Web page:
It’s time for teen suffrage


art by Ellie Stitzer

American colonists in the 1700s had no say in their motherland’s parliament. Laws they did not like were imposed on them, and they were pushed into wars they did not wish to enter.staff ed jan
As a result, they were taxed heavily, again with no say. The colonists became fed up with their government and formed a revolt which formed the great nation of America.
No taxation without representation became their cry. Now, more than 200 years later, it must become ours.
According to the Bureau of Labor Statistics, 51.9 percent of people age 16 to 24 had a job and paid income tax in 2014. We drive, have car insurance and earn an income. We are going to school and bettering ourselves for the future of this nation.
The amount of money we bring into the economy, from the cost of our cars to the clothes we buy with our hard-earned money to the amount of goods we sell in our jobs, shows we are fully functioning and contributing citizens of this nation.
Those taxes we pay should give us the right to decide how the taxes are used. The only way we can do that is by having the power to vote. When we are 16 and 17, we are likely living with our parents and getting ready to go to college to live on our own for the first time in our lives.
Either we should be allowed to vote or our right to work should be removed. Both cannot justly exist simultaneously. The government cannot and should not tax a large group of citizens without giving them the power to vote.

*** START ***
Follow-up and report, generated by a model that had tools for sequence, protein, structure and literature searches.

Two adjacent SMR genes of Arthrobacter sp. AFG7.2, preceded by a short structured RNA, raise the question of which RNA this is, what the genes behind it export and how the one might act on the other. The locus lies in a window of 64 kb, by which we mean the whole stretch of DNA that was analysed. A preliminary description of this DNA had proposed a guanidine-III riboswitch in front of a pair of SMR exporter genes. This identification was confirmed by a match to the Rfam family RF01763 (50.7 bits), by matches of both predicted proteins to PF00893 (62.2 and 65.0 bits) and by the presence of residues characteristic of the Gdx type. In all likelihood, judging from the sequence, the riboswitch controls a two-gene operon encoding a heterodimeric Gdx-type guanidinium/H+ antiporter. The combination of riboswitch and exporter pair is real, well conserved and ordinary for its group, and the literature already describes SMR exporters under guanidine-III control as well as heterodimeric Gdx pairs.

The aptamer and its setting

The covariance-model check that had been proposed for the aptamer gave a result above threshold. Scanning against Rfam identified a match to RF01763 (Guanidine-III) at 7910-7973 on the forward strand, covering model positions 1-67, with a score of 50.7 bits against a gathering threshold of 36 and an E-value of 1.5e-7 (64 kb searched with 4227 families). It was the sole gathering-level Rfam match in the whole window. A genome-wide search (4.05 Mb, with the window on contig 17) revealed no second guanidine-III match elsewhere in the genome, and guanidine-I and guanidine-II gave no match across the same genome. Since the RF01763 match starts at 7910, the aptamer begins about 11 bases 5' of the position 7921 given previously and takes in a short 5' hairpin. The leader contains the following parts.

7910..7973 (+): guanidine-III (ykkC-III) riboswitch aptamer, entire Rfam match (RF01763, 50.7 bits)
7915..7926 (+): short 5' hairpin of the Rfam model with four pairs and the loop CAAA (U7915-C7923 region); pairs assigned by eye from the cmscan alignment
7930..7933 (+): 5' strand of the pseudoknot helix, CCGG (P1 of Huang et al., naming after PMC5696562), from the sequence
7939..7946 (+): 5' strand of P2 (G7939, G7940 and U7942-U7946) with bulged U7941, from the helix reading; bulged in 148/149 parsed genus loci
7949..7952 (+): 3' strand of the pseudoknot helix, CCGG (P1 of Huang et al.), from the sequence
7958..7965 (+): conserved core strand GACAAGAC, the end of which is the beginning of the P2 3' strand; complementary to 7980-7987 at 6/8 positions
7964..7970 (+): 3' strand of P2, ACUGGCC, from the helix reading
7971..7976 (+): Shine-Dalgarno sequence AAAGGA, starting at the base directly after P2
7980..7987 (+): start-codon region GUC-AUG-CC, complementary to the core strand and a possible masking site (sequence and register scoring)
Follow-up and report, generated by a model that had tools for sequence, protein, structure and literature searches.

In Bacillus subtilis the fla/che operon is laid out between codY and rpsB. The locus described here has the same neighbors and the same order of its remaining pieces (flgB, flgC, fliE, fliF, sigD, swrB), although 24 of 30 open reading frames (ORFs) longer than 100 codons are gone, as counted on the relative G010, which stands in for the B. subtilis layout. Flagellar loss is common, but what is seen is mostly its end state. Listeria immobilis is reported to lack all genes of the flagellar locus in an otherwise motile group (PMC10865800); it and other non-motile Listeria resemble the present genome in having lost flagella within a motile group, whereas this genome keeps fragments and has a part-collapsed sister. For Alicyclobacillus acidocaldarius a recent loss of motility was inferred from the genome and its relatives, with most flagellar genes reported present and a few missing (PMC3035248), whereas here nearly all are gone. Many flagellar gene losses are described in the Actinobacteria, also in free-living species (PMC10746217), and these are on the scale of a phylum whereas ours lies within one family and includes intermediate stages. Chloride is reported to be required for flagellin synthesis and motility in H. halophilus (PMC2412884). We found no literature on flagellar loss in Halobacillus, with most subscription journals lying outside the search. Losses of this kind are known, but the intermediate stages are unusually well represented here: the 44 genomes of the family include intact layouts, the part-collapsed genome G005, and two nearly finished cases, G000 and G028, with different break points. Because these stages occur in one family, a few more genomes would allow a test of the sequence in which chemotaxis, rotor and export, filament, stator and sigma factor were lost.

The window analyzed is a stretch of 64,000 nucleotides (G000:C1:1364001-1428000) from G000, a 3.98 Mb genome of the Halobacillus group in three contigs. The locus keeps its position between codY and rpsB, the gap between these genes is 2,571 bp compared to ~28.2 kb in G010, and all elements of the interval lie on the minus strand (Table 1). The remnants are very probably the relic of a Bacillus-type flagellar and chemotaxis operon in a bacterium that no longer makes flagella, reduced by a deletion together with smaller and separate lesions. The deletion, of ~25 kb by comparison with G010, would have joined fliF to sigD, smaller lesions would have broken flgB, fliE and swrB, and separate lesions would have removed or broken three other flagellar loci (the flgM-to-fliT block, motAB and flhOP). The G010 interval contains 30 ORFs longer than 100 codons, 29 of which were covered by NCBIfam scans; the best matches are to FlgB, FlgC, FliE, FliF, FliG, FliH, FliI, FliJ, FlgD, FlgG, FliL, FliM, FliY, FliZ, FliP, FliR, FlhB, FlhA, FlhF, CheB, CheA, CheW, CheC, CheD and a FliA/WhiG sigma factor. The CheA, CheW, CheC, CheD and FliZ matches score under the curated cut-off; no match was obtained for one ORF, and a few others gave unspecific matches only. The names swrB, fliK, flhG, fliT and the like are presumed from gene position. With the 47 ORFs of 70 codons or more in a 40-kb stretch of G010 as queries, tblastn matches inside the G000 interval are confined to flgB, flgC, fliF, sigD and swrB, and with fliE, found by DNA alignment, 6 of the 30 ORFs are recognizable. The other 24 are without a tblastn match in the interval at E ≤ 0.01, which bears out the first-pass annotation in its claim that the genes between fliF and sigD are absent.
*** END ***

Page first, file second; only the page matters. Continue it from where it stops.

art by Ellie Stitzer
art by Ellie Stitzer
The biggest argument given by skeptics is 16- and 17-year-olds should not be able to vote because we would be influenced by our parents too much when we go to the polls. In complete honesty, this argument makes no logical sense. This would definitely be true if we allowed 10 year olds to vote because they have never taken any government classes or actual history classes, but 16- and 17-year-olds are as much adults as their parents are.
By the age of 16, essentially every student who attends public school in Missouri has taken a government class, multiple American history classes and a required Personal Finance class. Our political views are almost certainly solidified, whether moderate, left-leaning or right-leaning.
We have our own opinions on many subjects and have almost finished high school. Half of us have a job and pay our own taxes.
There will certainly be some of us who don’t care about politics and don’t vote, but that shouldn’t make a difference. More than 100 million people voted in the last presidential election. While that is a lot of people, almost 210 million eligible voters live in America, and there are certainly more voting-age people in America than those who cast a ballot in 2012.
Many voting-age citizens simply don’t care enough to vote or have other circumstances that prevent them from voting.
The same would be true for 16-and 17-year-olds. We are not forced to vote, but we will have that option available if we chose to do so.
A bill in the Missouri Congress, proposed by State Representative Karla May, would give everyone age 16 and up a voice in their government and their world. It is good for Missouri, and it will be a good precedent for other states to eventually change their age, as well.
In order for this bill to pass, it would need sufficient votes in the Missouri Congress. Everyone should contact their district representatives and convince them that this effort is productive and is needed for the future of this great nation.
No taxation without representation must become our generation’s cry.